Monday, June 13, 2016 21:59
- Adams, Scott. The Religion War. Kansas City: Andrews McMeel, 2004 ISBN 978-0-7407-4788-5.
This a sequel to the author's 2001 novel
God's Debris. In that work,
which I considered profound and made my hair stand on
end on several occasions, a package delivery man happens to
encounter the smartest man in the world and finds his own
view of the universe and his place in it up-ended, and
his destiny to be something he'd never imagined. I believe
that it's only because Scott Adams is also the creator of
that he is not appreciated as one of the most original and
insightful thinkers of our time. His
blog has been consistently right
about the current political season in the U.S. while all of the
double-domed mainstream pundits have fallen on their faces.
Forty years have passed since the events in God's Debris.
The erstwhile delivery man has become the Avatar, thinking at a
higher level and perceiving patterns which elude his contemporaries.
These talents have made him one of the wealthiest people on Earth,
but he remains unknown, dresses shabbily, wearing a red plaid blanket
around his shoulders. The world has changed. A leader, al-Zee,
arising in the Palestinian territories, has achieved his goal of
eliminating Israel and consolidated the Islamic lands into a new
Great Caliphate. Sitting on a large fraction of the world's oil supply,
he funds “lone wolf”, modest scale terror attacks
always deniable and never so large as to invite reprisal. With the
advent of model airplanes and satellite guidance able to deliver
explosives to a target with precision over a long range,
nobody can feel immune from the reach of the Caliphate.
In 2040, General Horatio Cruz came to power as Secretary of War of
the Christian Alliance, with all of the forces of NATO at his command.
The political structures of the western nations remained in
place, but they had delegated their defence to Cruz, rendering
him effectively a dictator in the military sphere. Cruz was not a
man given to compromise. Faced with an opponent he evaluated as two
billion people willing to die in a final war of conquest, he viewed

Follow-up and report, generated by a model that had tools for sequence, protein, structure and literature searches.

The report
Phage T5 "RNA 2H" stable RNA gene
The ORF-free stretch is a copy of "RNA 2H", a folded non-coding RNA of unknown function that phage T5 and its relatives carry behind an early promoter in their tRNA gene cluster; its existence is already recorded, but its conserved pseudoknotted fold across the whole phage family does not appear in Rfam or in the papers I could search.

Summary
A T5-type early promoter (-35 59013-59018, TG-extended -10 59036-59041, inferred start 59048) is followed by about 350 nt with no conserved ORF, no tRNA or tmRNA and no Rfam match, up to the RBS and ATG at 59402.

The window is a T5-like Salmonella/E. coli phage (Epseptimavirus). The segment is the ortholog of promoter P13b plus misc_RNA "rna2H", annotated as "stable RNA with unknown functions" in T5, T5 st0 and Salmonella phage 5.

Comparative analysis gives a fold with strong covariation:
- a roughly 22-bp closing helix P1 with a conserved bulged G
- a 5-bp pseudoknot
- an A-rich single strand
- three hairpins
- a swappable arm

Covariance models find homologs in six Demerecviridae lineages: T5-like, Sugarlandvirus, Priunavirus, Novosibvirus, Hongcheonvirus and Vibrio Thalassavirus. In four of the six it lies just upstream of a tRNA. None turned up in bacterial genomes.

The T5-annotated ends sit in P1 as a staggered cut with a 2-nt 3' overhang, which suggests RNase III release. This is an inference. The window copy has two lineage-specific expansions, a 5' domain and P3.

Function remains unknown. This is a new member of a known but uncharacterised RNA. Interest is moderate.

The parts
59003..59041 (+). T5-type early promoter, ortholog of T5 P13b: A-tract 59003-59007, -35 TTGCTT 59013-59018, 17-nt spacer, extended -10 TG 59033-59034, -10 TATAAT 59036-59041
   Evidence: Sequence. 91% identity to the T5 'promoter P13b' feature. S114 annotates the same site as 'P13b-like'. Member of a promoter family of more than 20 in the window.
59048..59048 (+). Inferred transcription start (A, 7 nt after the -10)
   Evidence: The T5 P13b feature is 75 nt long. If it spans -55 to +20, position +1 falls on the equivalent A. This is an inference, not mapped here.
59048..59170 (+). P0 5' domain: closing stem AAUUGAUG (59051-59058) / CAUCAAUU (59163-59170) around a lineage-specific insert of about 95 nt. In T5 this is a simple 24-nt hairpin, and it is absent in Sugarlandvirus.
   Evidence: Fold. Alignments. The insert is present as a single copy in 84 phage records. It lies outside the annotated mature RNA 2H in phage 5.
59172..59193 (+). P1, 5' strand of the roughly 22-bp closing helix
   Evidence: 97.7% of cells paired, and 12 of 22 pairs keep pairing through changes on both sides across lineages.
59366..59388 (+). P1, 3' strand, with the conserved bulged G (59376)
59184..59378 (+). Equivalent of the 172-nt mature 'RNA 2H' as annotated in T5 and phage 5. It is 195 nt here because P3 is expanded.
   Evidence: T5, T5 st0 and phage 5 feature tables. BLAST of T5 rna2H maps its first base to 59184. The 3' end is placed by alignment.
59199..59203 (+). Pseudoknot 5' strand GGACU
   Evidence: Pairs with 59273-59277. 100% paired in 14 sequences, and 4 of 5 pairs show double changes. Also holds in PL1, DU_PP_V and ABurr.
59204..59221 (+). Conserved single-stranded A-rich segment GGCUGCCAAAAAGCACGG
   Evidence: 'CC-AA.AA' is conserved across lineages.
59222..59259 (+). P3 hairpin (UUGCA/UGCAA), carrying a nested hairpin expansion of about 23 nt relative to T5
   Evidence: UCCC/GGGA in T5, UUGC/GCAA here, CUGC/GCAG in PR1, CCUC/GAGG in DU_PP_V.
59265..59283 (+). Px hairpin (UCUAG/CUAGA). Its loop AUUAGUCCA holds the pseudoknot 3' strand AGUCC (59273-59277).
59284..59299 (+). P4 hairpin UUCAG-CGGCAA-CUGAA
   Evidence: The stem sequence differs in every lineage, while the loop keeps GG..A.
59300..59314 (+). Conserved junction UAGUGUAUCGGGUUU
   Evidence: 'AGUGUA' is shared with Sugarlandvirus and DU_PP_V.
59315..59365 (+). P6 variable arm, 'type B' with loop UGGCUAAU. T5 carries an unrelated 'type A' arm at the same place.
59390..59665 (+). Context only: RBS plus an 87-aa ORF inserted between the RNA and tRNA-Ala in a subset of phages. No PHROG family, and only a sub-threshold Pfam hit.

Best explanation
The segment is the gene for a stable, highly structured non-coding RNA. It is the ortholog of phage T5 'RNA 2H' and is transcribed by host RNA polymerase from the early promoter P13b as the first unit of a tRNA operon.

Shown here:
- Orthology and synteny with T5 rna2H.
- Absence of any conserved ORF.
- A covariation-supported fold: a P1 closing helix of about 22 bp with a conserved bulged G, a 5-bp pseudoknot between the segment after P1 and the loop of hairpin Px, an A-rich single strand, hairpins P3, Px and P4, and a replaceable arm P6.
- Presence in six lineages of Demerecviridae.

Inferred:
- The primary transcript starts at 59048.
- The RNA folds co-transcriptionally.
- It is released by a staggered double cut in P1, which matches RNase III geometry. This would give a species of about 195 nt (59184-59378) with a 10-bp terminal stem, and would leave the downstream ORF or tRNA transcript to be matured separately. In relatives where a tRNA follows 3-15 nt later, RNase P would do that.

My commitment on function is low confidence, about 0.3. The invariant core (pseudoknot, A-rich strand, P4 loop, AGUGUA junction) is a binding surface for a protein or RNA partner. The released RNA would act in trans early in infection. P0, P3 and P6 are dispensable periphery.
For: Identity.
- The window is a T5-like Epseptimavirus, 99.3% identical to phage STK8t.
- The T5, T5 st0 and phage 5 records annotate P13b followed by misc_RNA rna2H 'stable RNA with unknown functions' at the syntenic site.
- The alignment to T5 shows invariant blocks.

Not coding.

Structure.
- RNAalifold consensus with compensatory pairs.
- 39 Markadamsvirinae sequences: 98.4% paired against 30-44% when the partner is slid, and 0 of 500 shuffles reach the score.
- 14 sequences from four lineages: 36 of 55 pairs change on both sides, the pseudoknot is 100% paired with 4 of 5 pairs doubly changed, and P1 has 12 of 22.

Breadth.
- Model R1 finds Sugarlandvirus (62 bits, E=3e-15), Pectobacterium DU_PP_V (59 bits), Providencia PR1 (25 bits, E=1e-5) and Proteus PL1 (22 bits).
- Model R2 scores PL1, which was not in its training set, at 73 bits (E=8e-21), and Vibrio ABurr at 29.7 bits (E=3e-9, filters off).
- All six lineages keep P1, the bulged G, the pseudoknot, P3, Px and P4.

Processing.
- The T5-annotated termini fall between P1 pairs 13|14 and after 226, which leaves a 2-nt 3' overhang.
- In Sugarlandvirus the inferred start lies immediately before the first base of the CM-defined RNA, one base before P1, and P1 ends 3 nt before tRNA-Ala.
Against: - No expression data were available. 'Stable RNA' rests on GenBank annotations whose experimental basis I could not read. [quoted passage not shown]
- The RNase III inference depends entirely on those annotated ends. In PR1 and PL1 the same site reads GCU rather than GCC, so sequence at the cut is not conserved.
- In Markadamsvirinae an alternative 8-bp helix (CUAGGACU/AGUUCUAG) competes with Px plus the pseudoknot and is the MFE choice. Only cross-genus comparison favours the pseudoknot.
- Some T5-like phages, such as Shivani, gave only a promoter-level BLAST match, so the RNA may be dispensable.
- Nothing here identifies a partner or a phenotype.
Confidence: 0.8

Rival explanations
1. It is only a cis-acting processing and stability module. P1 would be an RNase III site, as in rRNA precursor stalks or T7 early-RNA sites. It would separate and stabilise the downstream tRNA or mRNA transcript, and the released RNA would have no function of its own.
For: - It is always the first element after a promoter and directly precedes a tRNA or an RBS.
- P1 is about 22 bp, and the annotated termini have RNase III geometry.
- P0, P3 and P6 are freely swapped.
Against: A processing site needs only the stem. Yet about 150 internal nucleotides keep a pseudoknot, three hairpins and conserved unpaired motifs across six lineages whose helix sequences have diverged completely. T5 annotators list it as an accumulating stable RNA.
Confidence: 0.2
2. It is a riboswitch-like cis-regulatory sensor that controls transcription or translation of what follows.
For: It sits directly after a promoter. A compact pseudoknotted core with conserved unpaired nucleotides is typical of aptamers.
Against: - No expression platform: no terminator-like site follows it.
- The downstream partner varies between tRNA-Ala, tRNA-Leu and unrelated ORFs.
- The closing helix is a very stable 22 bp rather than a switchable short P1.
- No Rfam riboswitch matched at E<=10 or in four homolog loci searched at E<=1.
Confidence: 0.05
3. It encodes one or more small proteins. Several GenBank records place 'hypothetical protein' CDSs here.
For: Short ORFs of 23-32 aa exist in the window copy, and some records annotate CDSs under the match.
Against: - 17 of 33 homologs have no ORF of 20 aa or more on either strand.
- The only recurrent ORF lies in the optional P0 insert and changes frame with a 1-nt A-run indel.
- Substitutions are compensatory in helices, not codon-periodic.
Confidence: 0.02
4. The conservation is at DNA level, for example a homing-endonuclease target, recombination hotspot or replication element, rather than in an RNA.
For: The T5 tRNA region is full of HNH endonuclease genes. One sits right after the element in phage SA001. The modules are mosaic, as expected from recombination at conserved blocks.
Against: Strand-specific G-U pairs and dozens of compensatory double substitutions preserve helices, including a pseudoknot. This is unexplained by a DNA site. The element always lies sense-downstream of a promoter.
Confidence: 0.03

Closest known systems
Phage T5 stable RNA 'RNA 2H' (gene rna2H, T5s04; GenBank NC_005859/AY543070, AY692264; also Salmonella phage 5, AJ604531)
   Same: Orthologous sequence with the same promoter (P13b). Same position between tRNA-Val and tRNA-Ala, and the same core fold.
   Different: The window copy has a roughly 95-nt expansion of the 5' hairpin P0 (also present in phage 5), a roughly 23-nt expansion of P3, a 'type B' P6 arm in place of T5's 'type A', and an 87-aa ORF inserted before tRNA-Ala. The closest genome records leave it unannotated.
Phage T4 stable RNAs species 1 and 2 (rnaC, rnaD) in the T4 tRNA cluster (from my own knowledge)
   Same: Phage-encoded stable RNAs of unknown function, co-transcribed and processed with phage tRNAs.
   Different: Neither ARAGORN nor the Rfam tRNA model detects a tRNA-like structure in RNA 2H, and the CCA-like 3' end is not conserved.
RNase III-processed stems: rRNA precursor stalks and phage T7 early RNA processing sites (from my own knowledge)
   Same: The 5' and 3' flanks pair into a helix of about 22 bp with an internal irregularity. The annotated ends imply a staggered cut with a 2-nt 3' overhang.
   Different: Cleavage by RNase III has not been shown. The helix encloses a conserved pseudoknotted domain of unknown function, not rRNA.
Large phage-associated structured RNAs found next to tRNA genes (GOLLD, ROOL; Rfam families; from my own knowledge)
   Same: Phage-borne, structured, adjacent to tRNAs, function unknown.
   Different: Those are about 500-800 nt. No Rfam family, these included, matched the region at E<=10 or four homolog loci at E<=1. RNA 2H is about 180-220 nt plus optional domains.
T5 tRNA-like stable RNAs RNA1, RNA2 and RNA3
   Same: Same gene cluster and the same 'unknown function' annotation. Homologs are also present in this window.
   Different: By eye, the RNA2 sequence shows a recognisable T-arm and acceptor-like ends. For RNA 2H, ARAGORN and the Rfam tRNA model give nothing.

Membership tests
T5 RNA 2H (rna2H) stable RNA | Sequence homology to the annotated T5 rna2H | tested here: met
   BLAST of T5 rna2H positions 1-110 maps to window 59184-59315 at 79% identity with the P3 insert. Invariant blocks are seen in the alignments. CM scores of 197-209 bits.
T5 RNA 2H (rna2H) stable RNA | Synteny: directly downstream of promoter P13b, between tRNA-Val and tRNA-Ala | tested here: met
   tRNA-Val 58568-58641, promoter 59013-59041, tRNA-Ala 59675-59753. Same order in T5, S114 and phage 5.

the coming conflict not as one of preserving territory or self-defence,
but of extermination—of one side or the other. There were dark
rumours that al-Zee had in place his own plan of retaliation, with sleeper
cells and weapons of mass destruction ready should a
frontal assault begin.
The Avatar sees the patterns emerging, and sets out to avert the
approaching cataclysm. He knows that bad ideas can only be opposed
by better ones, but bad ideas first must be subverted by sowing doubt among
those in thrall to them. Using his preternatural powers of
persuasion, he gains access to the principals of the conflict and
begins his work. But that may not be enough.
There are two overwhelming forces in the world. One is chaos; the other is order. God—the original singular speck—is forming again. He's gathering together his bits—we call it gravity. And in the process he is becoming self-aware to defeat chaos, to defeat evil if you will, to battle the devil. But something has gone terribly wrong.Sometimes, when your computer is in a loop, the only thing you can do is reboot it: forcefully get it out of the destructive loop back to a starting point from which it can resume making progress. But how do you reboot a global technological civilisation on the brink of war? The Avatar must find the reboot button as time is running out. Thirty years later, a delivery man rings the door. An old man with a shabby blanket answers and invites him inside. There are eight questions to ponder at the end which expand upon the shiver-up-your-spine themes raised in the novel. Bear in mind, when pondering how prophetic this novel is of current and near-future events, that it was published twelve years ago.